GRC Viewpoint

wib: The Only Firm Extending A Solution for the Entire API Development Lifecycle.


Chief Technology Officer, wib

“We showed them how to fix the code and business logic they were exposing, as well as to put monitoring in place to detect similar attacks in the future”

The last few years have seen a meteoric rise in the adoption of APIs and the microservices that leverage them to power digital transformation projects and integration. Businesses leveraging the incredible potential of a new generation of straightforward, open, and flexible APIs to speed up the execution of critical business plans are reaping huge rewards in the marketplace. Since almost any program may now access even the most complicated apps and data sets, APIs represent a significant advancement in connectivity. However, this innovation comes with significant risk, as security concerns are the #1 barrier to these digital transformation projects, and for good reason. Security teams need to be aware of how their attack surfaces and architectures are changing, and API adoption changes their security profile substantially. Consequently, security teams must be mindful of these new and changing attack surfaces that expose backend systems and data to the outside world, often to a larger degree than their user interfaces. And the adoption is massive; APIs are already responsible for over 91% of internet traffic. Security teams should not expect their current process or tools to be suitable to deal with these changes, as they were never designed for the distributed attack surfaces these architectural changes expose.

Even with these concerns, continued adoption of APIs is inevitable. APIs are easy to work with, and provide greatly enhanced access to technology resources, bringing value and danger to private and public sector entities. As a result, attacks through APIs are rising, and the industry is trying to tackle them with innovative approaches. Enter Wib, a leader in the API security domain and the only firm extending a solution for the whole API development lifecycle. Wib has carved a niche among its peers with its expertise in both attacking and securing APIs. Wib helps clients secure their enterprises by providing constant visibility into API attack surfaces. As a result, the enterprise extends a unique focus toward eliminating blindspots and understanding the effect of APIs on the risk factor. APIs are already exposing more attack surfaces than user interfaces. Gartner has been predicting for YEARs that APIs would become the #1 attack vector in 2022, and API traffic is already 91% of Internet traffic. But, the industry still somehow considers API security a ‘’niche’’ space instead of what it is – Modern Web Security.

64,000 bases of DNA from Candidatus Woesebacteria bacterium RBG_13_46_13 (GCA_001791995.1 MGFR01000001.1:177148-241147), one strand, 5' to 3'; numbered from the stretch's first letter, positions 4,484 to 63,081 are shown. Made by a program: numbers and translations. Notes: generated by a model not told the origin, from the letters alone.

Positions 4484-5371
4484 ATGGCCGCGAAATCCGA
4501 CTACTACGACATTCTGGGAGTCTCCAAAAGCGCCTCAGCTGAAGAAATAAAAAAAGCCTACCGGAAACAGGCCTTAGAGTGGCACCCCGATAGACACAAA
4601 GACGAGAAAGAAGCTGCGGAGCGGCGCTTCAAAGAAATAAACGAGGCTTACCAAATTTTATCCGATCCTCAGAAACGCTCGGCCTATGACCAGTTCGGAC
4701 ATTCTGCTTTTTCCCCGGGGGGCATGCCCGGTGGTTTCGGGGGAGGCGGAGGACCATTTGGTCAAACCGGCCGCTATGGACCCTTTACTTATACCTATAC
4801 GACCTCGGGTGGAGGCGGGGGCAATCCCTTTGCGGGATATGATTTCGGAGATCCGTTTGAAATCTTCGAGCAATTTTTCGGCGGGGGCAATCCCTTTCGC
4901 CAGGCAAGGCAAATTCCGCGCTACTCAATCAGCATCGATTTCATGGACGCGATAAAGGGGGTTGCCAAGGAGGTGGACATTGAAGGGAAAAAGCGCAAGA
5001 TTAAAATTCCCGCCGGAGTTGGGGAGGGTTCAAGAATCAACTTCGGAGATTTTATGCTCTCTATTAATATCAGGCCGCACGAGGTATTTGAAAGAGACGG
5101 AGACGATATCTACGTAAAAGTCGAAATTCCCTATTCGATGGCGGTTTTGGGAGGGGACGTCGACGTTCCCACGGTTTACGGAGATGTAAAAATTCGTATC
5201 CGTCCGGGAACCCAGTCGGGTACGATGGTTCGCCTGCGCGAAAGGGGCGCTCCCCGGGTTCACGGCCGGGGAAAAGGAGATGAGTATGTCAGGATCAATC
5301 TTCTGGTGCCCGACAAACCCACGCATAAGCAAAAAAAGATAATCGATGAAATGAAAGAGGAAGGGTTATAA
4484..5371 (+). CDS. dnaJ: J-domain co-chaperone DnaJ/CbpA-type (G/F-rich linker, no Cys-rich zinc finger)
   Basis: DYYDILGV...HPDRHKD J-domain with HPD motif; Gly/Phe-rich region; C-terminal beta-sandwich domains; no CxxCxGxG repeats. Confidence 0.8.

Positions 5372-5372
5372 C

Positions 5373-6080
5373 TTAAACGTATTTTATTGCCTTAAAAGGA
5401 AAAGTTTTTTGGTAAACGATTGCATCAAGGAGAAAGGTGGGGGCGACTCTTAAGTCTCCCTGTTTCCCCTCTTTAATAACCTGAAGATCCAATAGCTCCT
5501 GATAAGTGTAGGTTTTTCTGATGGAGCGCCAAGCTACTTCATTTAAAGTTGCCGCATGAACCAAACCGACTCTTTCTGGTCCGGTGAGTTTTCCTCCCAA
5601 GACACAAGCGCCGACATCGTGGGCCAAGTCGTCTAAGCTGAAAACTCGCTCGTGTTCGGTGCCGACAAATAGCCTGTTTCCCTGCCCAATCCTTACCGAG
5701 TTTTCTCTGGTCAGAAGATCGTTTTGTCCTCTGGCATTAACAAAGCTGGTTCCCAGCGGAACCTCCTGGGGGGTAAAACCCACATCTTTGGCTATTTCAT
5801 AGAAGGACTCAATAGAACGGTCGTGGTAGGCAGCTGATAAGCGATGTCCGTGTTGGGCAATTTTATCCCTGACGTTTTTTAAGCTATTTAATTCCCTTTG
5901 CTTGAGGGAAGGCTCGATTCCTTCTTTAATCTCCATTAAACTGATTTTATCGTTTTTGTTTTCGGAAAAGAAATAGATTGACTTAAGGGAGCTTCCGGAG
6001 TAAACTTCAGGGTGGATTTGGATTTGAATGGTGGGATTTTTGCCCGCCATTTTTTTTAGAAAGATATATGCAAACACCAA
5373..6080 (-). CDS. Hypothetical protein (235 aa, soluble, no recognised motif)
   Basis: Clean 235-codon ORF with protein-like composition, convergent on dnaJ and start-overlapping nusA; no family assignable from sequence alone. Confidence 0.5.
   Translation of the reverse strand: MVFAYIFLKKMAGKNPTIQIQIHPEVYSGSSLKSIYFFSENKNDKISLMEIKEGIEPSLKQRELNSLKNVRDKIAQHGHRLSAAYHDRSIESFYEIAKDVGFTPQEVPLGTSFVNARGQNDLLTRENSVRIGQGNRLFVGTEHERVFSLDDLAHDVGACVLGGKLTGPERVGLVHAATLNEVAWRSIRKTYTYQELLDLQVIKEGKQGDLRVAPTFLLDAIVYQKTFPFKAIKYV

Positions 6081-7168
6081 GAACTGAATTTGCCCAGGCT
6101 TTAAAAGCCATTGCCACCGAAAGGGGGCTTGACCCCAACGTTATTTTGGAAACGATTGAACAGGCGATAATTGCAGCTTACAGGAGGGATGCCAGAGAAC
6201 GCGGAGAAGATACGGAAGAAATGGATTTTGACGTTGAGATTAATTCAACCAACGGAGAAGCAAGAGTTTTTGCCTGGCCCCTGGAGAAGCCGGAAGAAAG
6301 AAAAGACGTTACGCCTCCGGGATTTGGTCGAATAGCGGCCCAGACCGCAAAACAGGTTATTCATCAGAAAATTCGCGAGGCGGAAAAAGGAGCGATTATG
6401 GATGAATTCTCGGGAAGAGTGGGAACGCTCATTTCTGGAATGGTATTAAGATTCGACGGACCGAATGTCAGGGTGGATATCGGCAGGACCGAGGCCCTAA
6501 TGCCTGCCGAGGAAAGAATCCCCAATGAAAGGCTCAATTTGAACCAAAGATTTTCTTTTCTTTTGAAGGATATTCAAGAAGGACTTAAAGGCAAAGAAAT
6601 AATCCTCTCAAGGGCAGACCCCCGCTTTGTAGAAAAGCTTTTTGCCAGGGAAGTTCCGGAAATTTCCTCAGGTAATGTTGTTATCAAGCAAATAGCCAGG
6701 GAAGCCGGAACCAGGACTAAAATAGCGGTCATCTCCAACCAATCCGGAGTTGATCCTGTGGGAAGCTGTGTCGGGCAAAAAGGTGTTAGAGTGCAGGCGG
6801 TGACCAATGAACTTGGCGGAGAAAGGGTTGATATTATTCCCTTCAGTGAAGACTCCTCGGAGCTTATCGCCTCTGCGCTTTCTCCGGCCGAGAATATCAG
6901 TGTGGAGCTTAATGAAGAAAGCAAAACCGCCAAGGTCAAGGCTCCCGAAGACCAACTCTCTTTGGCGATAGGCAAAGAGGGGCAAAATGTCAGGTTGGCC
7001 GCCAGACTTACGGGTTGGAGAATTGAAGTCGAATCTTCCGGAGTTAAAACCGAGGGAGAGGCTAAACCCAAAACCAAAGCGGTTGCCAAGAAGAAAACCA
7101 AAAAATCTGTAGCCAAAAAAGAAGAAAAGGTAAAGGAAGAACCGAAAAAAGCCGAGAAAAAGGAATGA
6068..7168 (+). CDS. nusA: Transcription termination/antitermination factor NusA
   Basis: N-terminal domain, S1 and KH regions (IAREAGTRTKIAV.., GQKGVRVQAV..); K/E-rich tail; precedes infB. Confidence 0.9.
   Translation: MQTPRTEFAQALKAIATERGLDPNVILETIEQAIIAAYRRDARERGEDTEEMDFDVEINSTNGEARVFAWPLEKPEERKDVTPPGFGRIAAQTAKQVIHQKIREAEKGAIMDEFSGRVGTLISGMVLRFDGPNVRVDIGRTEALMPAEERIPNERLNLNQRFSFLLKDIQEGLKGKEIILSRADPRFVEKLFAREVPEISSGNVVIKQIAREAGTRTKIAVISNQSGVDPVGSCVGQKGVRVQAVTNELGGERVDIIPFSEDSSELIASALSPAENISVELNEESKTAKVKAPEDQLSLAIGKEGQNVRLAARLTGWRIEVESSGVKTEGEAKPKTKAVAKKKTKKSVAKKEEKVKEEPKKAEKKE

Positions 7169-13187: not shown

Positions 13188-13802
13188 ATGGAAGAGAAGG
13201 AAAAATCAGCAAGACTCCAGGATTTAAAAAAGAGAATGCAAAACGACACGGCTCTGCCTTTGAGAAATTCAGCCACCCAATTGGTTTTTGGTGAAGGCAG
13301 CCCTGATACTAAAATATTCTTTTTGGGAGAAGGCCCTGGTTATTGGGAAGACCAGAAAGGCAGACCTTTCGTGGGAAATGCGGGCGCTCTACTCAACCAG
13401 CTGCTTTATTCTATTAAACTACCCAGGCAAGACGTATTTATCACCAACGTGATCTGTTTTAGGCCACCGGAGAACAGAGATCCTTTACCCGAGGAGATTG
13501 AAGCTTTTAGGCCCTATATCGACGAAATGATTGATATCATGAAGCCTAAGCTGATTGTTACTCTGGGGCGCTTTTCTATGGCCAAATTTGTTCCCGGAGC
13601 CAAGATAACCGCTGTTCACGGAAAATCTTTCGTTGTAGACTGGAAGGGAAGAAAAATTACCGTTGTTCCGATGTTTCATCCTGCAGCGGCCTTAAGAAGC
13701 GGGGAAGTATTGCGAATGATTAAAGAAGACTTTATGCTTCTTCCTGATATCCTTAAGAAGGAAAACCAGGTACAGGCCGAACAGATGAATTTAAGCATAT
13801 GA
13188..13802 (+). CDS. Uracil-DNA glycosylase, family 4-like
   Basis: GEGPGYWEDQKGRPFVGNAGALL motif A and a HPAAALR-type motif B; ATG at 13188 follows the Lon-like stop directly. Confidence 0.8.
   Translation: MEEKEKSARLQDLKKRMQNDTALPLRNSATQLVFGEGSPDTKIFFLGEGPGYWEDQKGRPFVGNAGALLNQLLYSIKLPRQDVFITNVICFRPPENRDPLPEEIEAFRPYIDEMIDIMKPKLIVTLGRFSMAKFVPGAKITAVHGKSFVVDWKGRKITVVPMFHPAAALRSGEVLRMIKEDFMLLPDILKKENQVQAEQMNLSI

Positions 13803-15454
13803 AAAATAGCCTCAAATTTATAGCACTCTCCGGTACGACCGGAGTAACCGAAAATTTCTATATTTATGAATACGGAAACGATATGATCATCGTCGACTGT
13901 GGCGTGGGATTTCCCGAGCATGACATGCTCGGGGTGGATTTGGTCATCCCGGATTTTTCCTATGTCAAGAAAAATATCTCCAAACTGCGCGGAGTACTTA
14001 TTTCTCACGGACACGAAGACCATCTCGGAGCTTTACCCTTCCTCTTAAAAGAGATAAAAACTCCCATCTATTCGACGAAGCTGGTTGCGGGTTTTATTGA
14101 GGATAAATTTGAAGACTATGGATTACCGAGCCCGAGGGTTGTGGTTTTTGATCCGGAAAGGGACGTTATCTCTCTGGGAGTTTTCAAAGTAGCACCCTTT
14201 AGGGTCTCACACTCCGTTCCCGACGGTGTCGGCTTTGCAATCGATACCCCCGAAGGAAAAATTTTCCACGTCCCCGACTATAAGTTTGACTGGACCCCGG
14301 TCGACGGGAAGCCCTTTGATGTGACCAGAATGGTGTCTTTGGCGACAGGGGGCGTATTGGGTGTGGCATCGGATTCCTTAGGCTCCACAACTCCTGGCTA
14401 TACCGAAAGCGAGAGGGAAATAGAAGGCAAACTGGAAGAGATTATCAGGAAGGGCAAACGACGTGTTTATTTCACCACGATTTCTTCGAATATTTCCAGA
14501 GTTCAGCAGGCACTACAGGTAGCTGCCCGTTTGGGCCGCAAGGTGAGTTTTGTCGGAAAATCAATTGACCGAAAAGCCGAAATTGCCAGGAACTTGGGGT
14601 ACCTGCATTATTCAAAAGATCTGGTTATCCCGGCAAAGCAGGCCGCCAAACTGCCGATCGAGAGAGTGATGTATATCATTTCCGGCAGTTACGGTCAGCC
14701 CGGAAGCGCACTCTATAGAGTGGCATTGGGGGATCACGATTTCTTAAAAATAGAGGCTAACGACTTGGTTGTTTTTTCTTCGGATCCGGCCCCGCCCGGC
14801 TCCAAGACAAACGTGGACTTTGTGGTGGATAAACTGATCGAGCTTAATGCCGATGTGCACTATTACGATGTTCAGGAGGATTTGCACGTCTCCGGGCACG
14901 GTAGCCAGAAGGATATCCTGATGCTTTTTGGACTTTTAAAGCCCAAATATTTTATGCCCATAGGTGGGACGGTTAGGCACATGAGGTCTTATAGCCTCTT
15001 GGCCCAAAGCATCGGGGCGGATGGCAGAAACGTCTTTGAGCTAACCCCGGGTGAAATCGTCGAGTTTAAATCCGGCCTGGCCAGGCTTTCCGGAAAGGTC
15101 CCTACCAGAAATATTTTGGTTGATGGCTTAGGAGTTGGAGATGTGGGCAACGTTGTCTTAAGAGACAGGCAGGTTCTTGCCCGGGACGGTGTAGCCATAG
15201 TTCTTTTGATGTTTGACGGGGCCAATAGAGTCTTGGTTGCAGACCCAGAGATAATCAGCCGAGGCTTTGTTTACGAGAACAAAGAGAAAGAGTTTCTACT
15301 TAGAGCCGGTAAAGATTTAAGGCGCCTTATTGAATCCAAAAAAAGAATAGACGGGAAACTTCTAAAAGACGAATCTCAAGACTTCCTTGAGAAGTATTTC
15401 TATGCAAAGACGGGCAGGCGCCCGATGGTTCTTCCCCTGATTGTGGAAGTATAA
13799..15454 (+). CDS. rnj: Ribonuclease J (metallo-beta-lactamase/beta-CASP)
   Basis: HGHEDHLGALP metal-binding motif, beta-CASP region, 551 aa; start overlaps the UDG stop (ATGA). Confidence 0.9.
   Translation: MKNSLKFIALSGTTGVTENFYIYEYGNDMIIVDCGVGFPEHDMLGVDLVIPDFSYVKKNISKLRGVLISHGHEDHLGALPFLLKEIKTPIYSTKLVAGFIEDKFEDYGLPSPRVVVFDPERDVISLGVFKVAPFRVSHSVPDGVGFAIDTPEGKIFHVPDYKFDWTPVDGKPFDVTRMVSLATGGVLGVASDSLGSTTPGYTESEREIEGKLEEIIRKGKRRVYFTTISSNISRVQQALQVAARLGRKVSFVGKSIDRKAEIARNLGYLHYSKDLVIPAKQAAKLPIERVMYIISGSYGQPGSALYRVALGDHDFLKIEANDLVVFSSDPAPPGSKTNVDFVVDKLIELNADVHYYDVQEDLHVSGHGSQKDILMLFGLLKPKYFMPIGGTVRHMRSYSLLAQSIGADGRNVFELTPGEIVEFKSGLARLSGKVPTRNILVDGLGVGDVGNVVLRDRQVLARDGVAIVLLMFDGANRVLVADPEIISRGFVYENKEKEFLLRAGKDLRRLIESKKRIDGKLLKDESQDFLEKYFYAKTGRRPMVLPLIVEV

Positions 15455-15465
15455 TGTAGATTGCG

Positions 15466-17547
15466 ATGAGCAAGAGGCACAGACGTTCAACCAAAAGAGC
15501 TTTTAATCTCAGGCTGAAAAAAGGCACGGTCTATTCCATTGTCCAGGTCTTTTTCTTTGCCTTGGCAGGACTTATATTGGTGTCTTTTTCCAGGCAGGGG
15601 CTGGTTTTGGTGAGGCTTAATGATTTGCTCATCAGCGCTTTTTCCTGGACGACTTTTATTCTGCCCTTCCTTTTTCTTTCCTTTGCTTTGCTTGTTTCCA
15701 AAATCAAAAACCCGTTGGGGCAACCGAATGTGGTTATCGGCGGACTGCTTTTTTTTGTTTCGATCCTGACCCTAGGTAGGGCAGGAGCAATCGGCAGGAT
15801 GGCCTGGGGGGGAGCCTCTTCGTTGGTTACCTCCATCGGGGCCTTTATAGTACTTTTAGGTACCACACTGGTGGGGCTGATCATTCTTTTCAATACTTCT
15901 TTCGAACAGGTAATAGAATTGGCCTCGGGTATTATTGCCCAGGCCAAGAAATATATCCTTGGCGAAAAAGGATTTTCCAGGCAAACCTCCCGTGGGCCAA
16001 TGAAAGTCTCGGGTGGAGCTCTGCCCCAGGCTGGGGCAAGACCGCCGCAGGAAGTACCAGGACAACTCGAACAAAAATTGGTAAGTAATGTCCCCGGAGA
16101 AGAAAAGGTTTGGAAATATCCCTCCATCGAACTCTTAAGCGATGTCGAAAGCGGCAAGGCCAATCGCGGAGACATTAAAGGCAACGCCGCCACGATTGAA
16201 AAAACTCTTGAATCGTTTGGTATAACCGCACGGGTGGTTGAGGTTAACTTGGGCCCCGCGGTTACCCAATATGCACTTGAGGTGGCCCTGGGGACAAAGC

The FBI was recently subjected to an API attack. Its Infragard program fell victim to a combined attack that comprised API data exfiltration and social engineering. Because of the episode, vast amounts of data, including tens of thousands of defender information, were left on the open market. Wib extends a unique approach toward securing APIs. The approach is strengthened by their expertise and understanding of the root causes of the issue troubling API security. “Wib is 100% focused on helping our customers get their arms around their API ecosystem so they can manage their risks. Our goal is to enable them with as close to 100% visibility into their API ecosystem as possible, closing any blind spots their current security or DevSecOps teams may have today. Providing this type of support is certainly helping us establish trust and credibility with our prospects and customers, and ultimately helping them succeed in mitigating threats and protecting their business for the long haul”, adds Chuck Herrin, CTO of Wib. Wib aggressively tests API attack surfaces using some of the best API hackers. Further, continuous assessment of deviations and changes in traffic patterns is a critical part of ongoing monitoring, as changes from normal traffic are often the best indicator of an attack or potential breach. Recently, a large bank contacted Wib. The task was to assess the API security. Wib’s offensive testing team chained logic-based attacks that went straight through the firewall. Wib was also able to identify some flaws that remained undiscovered until then. “We showed them how to fix the code and business logic they were exposing, as well as to put monitoring in place to detect similar attacks in the future,” adds Herrin.


The plans revolve around expansion into other regions. The demand for API security is now a specific aspect transcending part and industry. The enterprise is planning to achieve the target through direct sales. The other area of focus will be substantial investment in critical partnerships.